Cookies on this website
We use cookies to ensure that we give you the best experience on our website. If you click 'Continue' we'll assume that you are happy to receive all cookies and you won't see this message again. Click 'Find out more' for information on how to change your cookie settings.

The combination of functional magnetic resonance imaging (FMRI) and electroencephalography (EEG) has received much recent attention, since it potentially offers a new tool for neuroscientists that makes simultaneous use of the strengths of the two modalities. However, EEG data collected in such experiments suffer from two kinds of artifact. First, gradient artifacts are caused by the switching of magnetic gradients during FMRI. Second, ballistocardiographic (BCG) artifacts related to cardiac activities further contaminate the EEG data. Here we present new methods to remove both kinds of artifact. The methods are based primarily on the idea that temporal variations in the artifacts can be captured by performing temporal principal component analysis (PCA), which leads to the identification of a set of basis functions which describe the temporal variations in the artifacts. These basis functions are then fitted to, and subtracted from, EEG data to produce artifact-free results. In addition, we also describe a robust algorithm for the accurate detection of heart beat peaks from poor quality electrocardiographic (ECG) data that are collected for the purpose of BCG artifact removal. The methods are tested and are shown to give superior results to existing methods. The methods also demonstrate the feasibility of simultaneous EEG/FMRI experiments using the relatively low EEG sampling frequency of 2048 Hz.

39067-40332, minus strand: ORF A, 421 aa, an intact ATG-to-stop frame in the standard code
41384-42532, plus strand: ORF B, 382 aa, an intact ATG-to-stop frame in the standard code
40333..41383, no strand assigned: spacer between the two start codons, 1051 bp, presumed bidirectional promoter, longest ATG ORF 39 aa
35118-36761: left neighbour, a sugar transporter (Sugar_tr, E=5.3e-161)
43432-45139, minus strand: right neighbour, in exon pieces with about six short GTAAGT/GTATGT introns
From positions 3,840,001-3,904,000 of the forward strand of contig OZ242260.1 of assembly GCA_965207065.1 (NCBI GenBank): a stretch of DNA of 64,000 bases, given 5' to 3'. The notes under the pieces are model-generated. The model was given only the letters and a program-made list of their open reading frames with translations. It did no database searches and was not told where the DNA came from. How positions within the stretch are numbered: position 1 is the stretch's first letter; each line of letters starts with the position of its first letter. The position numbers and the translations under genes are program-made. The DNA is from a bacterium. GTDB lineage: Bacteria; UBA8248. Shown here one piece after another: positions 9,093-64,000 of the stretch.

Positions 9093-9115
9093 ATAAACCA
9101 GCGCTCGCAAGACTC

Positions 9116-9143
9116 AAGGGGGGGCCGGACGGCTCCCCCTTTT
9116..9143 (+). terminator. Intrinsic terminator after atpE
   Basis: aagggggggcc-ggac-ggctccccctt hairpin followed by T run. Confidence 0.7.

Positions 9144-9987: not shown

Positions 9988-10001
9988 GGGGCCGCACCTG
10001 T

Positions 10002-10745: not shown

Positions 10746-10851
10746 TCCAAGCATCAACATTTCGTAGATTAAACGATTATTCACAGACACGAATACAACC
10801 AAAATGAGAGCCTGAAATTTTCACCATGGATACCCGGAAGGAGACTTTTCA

Original publication

DOI

10.1016/j.neuroimage.2005.06.067

Type

Journal article

Journal

Neuroimage

Publication Date

11/2005

Volume

28

Pages

720 - 737

Addresses

University of Oxford, Centre for Functional MRI of the Brain (FMRIB), John Radcliffe Hospital, Headington, Oxford OX3 9DU, UK. rami@fmrib.ox.ac.uk

Keywords

Humans, Magnetic Resonance Imaging, Electrocardiography, Electroencephalography, Artifacts, Reproducibility of Results, Lasers, Evoked Potentials, Heart Rate, Algorithms, Principal Component Analysis, Image Processing, Computer-Assisted